signal ( signals plural & 3rd person present) ( signalling present participle) ( signalled past tense & past participle )
in AM, use signaling, signaled
1 n-count A signal is a gesture, sound, or action which is intended to give a particular message to the person who sees or hears it.
They fired three distress signals..., As soon as it was dark, Mrs Evans gave the signal..., You mustn't fire without my signal.
2 verb If you signalto someone, you make a gesture or sound in order to send them a particular message.
The United manager was to be seen frantically signalling to McClair... V prep/adv
He stood up, signalling to the officer that he had finished with his client... V that
She signalled a passing taxi and ordered him to take her to the rue Marengo. V n, Also V
3 n-count If an event or action is a signalof something, it suggests that this thing exists or is going to happen.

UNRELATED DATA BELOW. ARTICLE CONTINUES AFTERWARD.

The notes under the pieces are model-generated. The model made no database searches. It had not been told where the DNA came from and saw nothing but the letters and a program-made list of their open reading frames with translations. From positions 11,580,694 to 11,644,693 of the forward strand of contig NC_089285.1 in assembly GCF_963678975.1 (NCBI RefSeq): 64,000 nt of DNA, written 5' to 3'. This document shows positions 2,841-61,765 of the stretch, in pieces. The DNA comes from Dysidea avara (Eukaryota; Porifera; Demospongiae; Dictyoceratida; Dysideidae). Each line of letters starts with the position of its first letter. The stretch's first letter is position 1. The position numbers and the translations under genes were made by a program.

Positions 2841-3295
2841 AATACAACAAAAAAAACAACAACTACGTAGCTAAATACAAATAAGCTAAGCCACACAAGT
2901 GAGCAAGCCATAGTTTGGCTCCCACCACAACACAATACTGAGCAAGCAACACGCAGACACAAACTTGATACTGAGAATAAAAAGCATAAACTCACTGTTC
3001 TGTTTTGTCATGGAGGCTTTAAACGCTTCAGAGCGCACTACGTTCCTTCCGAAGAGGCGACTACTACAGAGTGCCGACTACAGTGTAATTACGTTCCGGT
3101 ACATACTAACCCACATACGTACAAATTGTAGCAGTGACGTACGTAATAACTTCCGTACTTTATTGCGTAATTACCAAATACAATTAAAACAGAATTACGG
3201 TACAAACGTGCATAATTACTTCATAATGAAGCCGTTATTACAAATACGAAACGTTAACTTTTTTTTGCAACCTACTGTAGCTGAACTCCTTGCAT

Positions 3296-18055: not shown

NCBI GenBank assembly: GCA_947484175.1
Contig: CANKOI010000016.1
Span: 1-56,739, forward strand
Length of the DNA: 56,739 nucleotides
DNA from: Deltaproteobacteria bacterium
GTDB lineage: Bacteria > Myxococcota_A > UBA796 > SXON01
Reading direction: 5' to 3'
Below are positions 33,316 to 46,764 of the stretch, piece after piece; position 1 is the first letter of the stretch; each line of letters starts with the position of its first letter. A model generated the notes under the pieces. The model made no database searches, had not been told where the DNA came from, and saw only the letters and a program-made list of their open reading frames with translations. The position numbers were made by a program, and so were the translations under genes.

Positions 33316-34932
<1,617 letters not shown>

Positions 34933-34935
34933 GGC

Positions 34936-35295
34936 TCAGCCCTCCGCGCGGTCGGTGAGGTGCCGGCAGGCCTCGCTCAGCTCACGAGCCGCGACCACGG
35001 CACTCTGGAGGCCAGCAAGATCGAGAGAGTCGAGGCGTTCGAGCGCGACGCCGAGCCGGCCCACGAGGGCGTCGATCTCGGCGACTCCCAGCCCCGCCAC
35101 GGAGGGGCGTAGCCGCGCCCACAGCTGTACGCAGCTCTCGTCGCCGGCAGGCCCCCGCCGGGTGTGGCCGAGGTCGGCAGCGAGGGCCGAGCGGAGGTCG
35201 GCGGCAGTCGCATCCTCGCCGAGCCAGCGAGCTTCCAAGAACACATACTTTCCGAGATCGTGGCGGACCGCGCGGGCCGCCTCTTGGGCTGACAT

Kurdish leaders saw the visit as an important signal of support...
4 verb If someone or something signals an event, they suggest that the event is happening or likely to happen.
She will be signalling massive changes in energy policy... V n
The outcome of that meeting could signal whether there truly exists a political will to begin negotiating. V wh
5 n-count A signal is a piece of equipment beside a railway, which indicates to train drivers whether they should stop the train or not.
6 n-count A signal is a series of radio waves, light waves, or changes in electrical current which may carry information. ...high-frequency radio signals.
signal box ( signal boxes plural ) A signal box is a small building near a railway, which contains the switches used to control the signals. n-count
smoke signal ( smoke signals plural ) If someone such as a politician or businessman sends out smoke signals, they give an indication of their views and intentions. This indication is often not clear and needs to be worked out. n-count usu pl
The smoke signals from the central bank suggest further cuts are coming.
time signal ( time signals plural ) The time signal is the series of high-pitched sounds that are broadcast at certain times on the radio, for example at exactly one o'clock or exactly six o'clock.
(BRIT) n-count usu the N in sing
turn signal ( turn signals plural ) A car's turn signals are the flashing lights that tell you it is going to turn left or right.
in BRIT, use indicators